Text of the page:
Cozy and elegant, with a tucked-away curved entrance and wood paneled walls embellished with spectacular heraldic shields, the decor is as well-presented as the food, and Rhodes -- who has tied up with P&O for a minimum of five years -- is promising some spectacular signature dishes.

Typical menu: Start with lobster omelet thermidor, followed by roast bitter duck (well, wouldn't you be if someone cut you down in your prime and dished you up on a platter). To finish, how about a warm chocolate fondant with white chocolate ice cream and chocolate sauce (followed by a year's dieting)?

But for my money, the ship's second alternative restaurant -- The Orchid up on Deck 11 -- is even more attractive, with deep peach banquette seats, spectacular windows, gold diaphanous curtains and a fusion menu combining the best of Chinese, Japanese, Thai and Indian cuisine. And at only 8 GBP a head per visit, it's cheaper, too.

A typical meal starts with Rama Nasi Campur (duck spring rolls and fried chicken satay on steam rice with pickled cucumber), then features Yum Pla (tempura battered monkfish with fried noodles and a lime and chili dressing) and ends with Mamuang, a creamy mango brulee.

The Orchid also has its own substantial, sea-view bar for pre-prandial drinks. Other attractive venues for an aperitif include a pretty Piano Bar (set at the top of the Atrium so you can enjoy that stained glass ceiling), the nautical-themed Spinnaker Bar (which has some gorgeous wood-carved ship models in glass cases), the Crow's Nest (very contemporary, with curved class walls, cream leather seating and vast windows) and a facsimile of a traditional British pub, rather oddly named The Rising Sun.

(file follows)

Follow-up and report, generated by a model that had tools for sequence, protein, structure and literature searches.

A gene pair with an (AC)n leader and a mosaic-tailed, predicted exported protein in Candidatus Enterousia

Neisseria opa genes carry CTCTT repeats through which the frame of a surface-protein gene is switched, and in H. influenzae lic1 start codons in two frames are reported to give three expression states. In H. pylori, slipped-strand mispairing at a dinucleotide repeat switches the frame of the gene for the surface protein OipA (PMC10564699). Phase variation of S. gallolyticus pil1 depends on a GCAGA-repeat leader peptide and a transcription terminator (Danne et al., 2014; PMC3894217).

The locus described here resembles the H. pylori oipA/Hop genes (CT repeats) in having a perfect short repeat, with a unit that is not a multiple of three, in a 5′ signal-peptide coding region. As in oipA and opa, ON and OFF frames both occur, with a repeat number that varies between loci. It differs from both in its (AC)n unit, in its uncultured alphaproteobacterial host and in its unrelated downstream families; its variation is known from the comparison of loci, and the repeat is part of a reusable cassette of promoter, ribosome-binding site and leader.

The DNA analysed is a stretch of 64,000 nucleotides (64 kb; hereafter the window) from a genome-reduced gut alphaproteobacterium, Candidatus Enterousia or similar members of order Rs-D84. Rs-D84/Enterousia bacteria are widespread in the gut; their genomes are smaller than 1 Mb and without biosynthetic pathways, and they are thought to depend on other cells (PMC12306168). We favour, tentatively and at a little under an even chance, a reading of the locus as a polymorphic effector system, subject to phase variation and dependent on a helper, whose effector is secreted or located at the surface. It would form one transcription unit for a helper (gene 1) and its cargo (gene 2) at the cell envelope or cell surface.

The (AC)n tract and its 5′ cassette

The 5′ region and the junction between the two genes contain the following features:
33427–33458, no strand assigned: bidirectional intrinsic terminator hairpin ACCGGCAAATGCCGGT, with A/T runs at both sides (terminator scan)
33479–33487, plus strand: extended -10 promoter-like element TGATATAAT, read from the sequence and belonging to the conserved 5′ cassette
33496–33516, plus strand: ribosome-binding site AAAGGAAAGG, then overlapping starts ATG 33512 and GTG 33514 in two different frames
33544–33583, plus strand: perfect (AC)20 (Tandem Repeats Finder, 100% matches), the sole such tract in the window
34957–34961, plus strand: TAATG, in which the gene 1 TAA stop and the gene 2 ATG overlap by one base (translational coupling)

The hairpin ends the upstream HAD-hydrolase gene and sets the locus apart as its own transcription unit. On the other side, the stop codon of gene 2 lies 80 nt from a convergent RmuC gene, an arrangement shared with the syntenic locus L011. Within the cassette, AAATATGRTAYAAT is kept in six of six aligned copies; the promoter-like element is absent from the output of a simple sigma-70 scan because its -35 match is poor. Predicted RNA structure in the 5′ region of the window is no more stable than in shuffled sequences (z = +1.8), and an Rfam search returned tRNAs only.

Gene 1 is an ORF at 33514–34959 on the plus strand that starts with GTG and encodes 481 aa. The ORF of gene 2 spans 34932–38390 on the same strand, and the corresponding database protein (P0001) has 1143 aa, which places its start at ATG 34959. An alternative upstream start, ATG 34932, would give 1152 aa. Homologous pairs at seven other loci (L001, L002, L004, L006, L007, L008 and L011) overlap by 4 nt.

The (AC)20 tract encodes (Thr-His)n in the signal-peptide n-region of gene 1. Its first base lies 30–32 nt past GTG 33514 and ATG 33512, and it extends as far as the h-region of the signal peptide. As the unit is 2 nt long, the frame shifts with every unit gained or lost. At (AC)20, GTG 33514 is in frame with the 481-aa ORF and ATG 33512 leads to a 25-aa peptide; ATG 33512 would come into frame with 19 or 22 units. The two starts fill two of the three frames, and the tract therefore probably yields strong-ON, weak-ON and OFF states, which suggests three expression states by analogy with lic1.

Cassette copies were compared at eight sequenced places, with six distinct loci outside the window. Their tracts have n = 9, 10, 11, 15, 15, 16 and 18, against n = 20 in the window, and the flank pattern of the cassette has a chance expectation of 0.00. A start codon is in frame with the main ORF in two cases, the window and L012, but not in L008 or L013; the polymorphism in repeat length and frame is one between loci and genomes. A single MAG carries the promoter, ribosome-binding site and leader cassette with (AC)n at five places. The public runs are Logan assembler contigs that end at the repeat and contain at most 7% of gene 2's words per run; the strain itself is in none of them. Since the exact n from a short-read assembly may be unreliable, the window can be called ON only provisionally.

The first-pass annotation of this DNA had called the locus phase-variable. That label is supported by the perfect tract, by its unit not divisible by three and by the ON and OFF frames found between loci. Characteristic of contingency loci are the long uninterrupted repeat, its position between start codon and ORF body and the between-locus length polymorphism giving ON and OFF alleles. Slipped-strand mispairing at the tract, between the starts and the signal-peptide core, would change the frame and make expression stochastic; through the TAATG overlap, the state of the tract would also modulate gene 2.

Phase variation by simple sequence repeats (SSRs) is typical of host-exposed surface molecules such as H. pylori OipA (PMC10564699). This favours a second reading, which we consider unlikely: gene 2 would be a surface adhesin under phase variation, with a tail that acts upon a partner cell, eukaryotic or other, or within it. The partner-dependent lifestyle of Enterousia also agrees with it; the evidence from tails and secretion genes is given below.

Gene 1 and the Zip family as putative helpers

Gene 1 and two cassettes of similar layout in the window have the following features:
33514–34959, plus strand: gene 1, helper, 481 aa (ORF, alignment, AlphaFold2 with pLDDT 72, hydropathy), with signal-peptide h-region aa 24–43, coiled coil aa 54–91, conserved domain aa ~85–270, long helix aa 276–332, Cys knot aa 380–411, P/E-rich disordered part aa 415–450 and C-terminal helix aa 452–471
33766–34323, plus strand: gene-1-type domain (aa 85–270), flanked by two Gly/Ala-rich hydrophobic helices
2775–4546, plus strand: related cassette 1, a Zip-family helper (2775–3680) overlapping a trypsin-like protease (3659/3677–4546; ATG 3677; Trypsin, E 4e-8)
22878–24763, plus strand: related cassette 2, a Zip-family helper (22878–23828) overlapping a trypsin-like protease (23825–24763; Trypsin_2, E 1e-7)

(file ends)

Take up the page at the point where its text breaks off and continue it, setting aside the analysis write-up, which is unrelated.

Nifty & New

The big appeal of this ship will be its coverage of "lifestyle" elements like gardening, interior design and well-being, so popular with Sunday newspaper supplements. A system of pay-per-attendance classes is planned -- similar to the activity program pioneered on sister company Princess Cruises' Caribbean Princess -- whereby passengers can get the gist of a subject in free lectures, then pursue it in more depth at smaller-capacity workshops (likely to cost around 3 to 5 GBP a shot).

Setting aside a specific area for relaxation, lectures and classes will create a real focal point on sea days. And the Oasis Spa -- which has a fabulous large-windowed thermal suite offering wet, dry and aromatic treatments; a large thalassotherapy pool; and a dry flotation suite -- should prove very popular with wannabe bodies beautiful. Prices are steepish, with facials and massage costing upwards of 70 GBP, but travelers on a budget can cut costs by sticking to the state-of-the-art, sea-view gym.